The Rules...of returning holiday gifts

According to a recent report by ConsumerWorld.org, a thorough and terrific consumer advocacy web site, the rules on returning gifts are getting a little more lenient. Eleven percent of stores are loosening their policies.

On the other hand, the rules are getting stricter, too. ConsumerWorld -- which got its numbers from the National Retail Federation -- says that 17% of stores are putting more strict rules in place.

Still, the takeaway from all this is that it's a good idea to know the store's return policies if you think there's any chance you may want to return a gift, or if you're giving a present that you're not sure how it'll be received.




Some of the standout information in the ConsumerWorld report includes:
  • Circuit City has extended its holiday return deadline to January 31. It used to be that everything needed to be returned by January 25 and what they call "14 day items," like electronics (think: computers, cameras) had to be returned by January 8.
  • Sears allows most products bought between November 16 and December 23 to have a 120-day return period. The exceptions are electronics, beds and software.
  • But Best Buy, which used to allow things to be returned up to January 31, now asks everything to be returned by January 24. Computers, however, have to be returned within 14 days from the purchase day, and that, of course, could complicate matters if you bought a computer for someone back in, say, early December.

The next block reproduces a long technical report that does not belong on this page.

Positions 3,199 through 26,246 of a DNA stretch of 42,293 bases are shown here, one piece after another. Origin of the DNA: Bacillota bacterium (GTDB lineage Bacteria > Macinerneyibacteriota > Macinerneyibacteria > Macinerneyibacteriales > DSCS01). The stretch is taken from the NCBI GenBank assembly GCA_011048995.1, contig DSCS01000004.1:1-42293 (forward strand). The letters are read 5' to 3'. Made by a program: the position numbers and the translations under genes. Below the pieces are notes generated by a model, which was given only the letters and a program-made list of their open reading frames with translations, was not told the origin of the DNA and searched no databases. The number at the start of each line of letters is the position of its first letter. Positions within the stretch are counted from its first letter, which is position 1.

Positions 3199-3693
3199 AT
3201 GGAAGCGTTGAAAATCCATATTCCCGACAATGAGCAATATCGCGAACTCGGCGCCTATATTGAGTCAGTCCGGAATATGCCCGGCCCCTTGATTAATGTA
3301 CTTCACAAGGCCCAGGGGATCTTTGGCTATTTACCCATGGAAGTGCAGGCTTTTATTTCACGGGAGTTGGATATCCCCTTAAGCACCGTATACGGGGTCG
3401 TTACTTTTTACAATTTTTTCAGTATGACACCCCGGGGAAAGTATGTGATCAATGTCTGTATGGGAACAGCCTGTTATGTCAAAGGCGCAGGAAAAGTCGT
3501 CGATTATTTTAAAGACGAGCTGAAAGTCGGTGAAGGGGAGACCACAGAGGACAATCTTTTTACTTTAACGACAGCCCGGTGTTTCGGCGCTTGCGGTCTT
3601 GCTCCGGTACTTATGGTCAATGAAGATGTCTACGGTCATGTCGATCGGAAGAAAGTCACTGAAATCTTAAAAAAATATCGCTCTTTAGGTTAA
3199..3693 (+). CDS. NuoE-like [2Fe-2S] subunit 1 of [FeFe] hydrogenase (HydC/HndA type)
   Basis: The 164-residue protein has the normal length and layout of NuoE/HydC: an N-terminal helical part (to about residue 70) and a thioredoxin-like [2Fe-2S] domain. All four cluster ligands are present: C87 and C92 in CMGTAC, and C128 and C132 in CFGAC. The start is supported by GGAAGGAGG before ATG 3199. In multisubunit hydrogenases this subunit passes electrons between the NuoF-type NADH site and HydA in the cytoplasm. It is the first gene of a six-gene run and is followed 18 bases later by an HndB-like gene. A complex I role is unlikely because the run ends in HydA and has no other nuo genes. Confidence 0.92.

I went poking elsewhere around the net and found a few other stores and their policies.
For what it's worth, though, in case you get irritated at the retailers for having specific days you need to return gifts by (except for Kohl's), you'd be better off being ticked off at the thieves in this world. Return fraud will cost an estimated $11.8 billion in 2008, and over $3 billion of that will come from the holidays, according to Consumer Reports.

The stores are forced to come up with rules and stick by them. Some chains are even hooked up to computer systems that will tell them if a shopper is abusing the system and returning items constantly. For instance, JC Penny requires that special occasion outfits -- like a fancy dress -- be returned with the tags on them, to keep people from wearing an item out to a wedding and then bringing it back to the store.

In any case, no matter what you do, if you're going to return an item, make sure you have the receipt. And even better, if we want to really make things less complicated -- let's all agree to like the gifts we receive this year.

Geoff Williams is a freelance journalist and the author of C.C. Pyle's Amazing Foot Race: The True Story of the 1928 Coast-to-Coast Run Across America (Rodale).

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